The joint is formed by coating the interface layer with the flux having suspended therein the contaminant and the titanium at least partially removed from the alloy surface, flowing the solder material on the interface layer, and displacing the solder material flowing on the interface layer with the flux having the contaminant and titanium suspended therein. The joint is further formed by cleaning the flux from the base substrate and the solder material.

The laminate comprises a base member of a nickel-titanium alloy, an upper surface of the base member having a lower percentage of titanium than throughout the base member as a whole, a layer of solder material bonded to the upper surface and a second member bonded to the solder material layer. The base member has titanium by weight in a range of 50 to 42 percent and nickel by weight in a range of 50 to 58 percent. The range of titanium to nickel in the upper surface is by weight in a range of 49.5 to 0 percent and 50.5 to 100 percent. The solder material of the laminate is selected from the group consisting of gold, nickel, indium, tin, silver, cadmium, lead, zirconium, and hafnium. The second member of the laminate is selected from the group consisting of nickel-titanium alloys, stainless steel, and platinum.

Having discovered a new method for preparing the surface of a nickel-titanium alloy member for bonding or soldering a layer of another metal thereto, a number of tests were performed to better appreciate the process and the materials utilized therewith. It was initially thought that the flux not only removed the contaminant oxidation from the surface of the nickel-titanium alloy, but also leached or removed portions of titanium from the contaminant free surface. This was confirmed when the flux remained on the surface of the alloy for extended periods of time. However, leaching or removing titanium from the cleaned surface is not a required step in completing the preparation or soldering process. During further analysis and examination, it was discovered that a thin layer of metal from the flux was being deposited by metallic substitution on the contaminant free surface of the alloy. This metal layer resulted from the metallic halide within the halogen containing flux and further enhanced the flowing of solder material on the deposited layer and contaminant free surface of the nickel-titanium alloy. As a result, it was determined that a nickel-rich interface layer was not a necessary condition for the preparation or soldering process to be successfully completed.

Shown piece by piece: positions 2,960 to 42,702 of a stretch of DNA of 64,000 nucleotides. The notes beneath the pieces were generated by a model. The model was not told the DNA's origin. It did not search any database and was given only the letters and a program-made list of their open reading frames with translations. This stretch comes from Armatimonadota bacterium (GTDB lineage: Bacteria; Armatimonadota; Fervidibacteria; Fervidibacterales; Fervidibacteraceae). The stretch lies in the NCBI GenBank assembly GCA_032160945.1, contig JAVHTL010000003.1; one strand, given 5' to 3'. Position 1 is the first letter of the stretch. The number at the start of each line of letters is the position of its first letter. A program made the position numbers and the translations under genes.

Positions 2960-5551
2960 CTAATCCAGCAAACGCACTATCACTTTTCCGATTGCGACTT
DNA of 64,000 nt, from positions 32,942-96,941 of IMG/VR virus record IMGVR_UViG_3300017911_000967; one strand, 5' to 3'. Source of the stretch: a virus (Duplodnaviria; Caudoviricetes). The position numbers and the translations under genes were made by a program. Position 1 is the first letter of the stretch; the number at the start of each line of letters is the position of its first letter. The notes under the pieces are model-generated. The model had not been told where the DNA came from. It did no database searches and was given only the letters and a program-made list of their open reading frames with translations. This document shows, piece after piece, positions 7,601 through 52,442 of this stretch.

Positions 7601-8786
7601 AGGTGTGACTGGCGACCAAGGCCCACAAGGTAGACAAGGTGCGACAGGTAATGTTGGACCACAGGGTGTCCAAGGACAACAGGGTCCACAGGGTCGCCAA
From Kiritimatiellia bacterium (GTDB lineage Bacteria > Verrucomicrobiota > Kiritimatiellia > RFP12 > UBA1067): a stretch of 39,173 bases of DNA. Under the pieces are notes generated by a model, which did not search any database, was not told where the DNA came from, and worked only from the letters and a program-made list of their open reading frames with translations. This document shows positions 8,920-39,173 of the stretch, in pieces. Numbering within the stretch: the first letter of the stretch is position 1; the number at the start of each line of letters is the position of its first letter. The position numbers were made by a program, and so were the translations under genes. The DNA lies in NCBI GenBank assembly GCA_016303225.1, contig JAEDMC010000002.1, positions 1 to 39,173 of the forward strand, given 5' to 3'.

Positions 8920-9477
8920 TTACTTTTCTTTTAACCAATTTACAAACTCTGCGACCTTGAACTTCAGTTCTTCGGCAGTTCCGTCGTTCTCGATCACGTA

The foregoing problems are solved and a technical advance is achieved in another illustrative method of preparing the surface of a nickel-titanium alloy member having a contaminant on a surface thereof for bonding a layer of another metal thereto. The method comprises applying to the member surface a halogen containing flux having an activation temperature below the annealing temperature of the alloy member. The halogen containing flux has a composition suitable for removing the contaminant from the member surface and advantageously includes a metallic halide for depositing a metal on the contaminant free member surface. The method also includes heating the halogen containing flux to its activation temperature and suspending the contaminant in the heated, halogen containing flux. The method yet also includes depositing a metal from the metallic halide on the member surface with the contaminant removed therefrom. After preparation of the member surface, the method further includes flowing a solder material in a molten state on the metal deposited on the member surface.